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Father Keating upholds four pillars of priesthood

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Bishop Michael W. Fisher poses with newly ordained priest Father Ryan Keating following the ordination Mass of four local men at at St. Joseph Cathedral. Photo by Dan Cappellazzo

A priest must be equal parts educator, spiritual guide and evangelizer. Ryan Keating fits the bill.

The Buffalo native joined Teach for America, a teacher corps that brought him out to Arizona where he taught fourth grade.

“I always liked school. I always liked the school environment and learning, so I thought that I would try teaching,” he said.

A decade into his teaching career, the 43-year-old starting looking at what would fill his soul.

“My faith was always important to me in my life,” he said. “I started really discerning priesthood, spending more time in prayer, and did some retreats.”

This led to prison ministry, helping to spiritually guide convicts to a better path in life, which heavily influenced his vocation. Father Keating said the experience helped him realize that using the Word of God to help people was what he felt called to do. He also took part in some retreats at Christ the King Seminary, and spoke to priests about the call to serve God.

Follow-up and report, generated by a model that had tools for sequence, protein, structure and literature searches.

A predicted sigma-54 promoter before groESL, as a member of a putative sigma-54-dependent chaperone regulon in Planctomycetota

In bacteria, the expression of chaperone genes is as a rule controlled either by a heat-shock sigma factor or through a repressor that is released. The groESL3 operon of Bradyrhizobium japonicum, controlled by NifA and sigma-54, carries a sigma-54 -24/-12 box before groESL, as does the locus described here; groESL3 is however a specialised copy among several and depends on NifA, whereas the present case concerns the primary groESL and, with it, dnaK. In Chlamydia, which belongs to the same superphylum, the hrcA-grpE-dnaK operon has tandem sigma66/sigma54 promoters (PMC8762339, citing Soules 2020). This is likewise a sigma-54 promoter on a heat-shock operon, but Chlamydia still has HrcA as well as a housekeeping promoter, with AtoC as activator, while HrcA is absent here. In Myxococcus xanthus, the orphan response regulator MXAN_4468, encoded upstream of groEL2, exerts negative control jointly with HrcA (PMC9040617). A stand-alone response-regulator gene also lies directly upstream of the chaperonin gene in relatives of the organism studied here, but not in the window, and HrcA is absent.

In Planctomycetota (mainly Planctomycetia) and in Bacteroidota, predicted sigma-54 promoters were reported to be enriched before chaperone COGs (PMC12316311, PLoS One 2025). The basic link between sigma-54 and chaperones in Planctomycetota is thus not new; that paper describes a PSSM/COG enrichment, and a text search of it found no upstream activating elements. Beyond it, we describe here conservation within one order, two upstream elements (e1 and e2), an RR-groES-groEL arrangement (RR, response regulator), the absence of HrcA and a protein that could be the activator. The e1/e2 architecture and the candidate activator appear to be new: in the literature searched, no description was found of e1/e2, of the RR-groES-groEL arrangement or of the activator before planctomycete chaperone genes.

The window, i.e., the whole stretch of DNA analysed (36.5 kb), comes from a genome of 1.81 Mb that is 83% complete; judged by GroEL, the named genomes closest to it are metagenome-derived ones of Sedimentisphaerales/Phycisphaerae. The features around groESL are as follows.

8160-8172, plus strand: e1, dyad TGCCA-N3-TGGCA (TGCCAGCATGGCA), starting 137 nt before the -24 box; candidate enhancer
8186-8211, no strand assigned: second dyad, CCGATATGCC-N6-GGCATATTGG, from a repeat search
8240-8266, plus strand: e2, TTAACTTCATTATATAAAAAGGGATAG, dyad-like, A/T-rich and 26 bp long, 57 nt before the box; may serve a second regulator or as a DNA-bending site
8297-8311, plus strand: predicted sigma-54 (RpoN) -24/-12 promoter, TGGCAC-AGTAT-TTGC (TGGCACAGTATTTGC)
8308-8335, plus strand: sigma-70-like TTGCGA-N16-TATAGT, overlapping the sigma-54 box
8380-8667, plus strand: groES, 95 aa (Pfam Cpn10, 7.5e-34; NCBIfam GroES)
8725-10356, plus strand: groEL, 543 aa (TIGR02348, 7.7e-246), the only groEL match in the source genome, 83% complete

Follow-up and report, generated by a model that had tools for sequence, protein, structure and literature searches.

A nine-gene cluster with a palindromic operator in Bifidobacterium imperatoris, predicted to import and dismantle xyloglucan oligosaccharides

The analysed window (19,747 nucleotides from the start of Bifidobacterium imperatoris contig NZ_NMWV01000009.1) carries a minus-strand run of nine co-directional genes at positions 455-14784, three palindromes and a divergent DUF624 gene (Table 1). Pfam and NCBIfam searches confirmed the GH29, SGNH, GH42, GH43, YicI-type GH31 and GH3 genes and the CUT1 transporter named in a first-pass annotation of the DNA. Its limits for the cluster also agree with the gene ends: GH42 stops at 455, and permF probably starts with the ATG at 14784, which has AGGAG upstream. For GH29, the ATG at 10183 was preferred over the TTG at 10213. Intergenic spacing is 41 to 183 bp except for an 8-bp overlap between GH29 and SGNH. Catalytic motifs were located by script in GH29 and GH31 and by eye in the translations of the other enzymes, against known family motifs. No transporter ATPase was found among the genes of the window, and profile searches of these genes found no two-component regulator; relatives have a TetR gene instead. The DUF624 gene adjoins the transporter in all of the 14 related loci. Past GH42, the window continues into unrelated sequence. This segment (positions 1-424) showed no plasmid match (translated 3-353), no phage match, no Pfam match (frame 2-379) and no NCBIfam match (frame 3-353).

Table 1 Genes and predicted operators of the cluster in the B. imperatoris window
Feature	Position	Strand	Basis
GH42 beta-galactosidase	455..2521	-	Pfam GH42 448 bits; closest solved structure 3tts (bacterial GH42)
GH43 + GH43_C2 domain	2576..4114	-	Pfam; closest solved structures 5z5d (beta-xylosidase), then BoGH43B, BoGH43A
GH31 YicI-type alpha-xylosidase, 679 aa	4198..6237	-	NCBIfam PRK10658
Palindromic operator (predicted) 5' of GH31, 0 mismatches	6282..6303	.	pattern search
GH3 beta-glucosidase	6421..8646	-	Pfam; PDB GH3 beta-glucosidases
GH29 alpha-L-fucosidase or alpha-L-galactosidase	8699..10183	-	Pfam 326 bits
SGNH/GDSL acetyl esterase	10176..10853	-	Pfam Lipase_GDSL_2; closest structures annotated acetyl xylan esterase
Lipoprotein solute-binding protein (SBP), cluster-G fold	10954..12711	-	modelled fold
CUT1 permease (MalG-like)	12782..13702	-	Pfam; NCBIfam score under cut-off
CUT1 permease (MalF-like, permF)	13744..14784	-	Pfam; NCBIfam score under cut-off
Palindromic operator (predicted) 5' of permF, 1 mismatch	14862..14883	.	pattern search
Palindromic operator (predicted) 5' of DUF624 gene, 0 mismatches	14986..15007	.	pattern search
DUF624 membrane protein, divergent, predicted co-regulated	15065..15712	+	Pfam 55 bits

It was at this time that Msgr. John Zeitler, who passed away in 2016, brought up the subject.

“He asked me one day after Mass, ‘Ryan, ever thought about being a priest?’ I was discerning at the time. I said yes. Then I got in touch with the vocation office. That was the final bit of encouragement that I needed to enter the seminary.”

Now ordained, he will serve at St. Mary Parish in Swormville, where he hopes to bring the Good news into the community.

“As a deacon, we were able to proclaim the Gospel, and I look forward to continuing to proclaim the Gospel and give reflections on the Gospel,” he said. “I’m also really looking forward to accompanying people in the good times and the challenges of their lives, getting to know as many people as I can. Also, I hope to do some outreach in the community, to people who are less fortunate – those who live in poverty or are incarcerated or sick.”

His proudest moment as transitional deacon came when he welcomed a new member into the Catholic faith by celebrating the private baptism of his friend’s daughter.

Father Charles Johnson, who was ordained the same day as Father Keating, has been impressed by his friend’s pastoral nature.

“He’s always caring about the other person wanting to make sure they’re OK, and want to know how they’re doing,” Father Johnson said.

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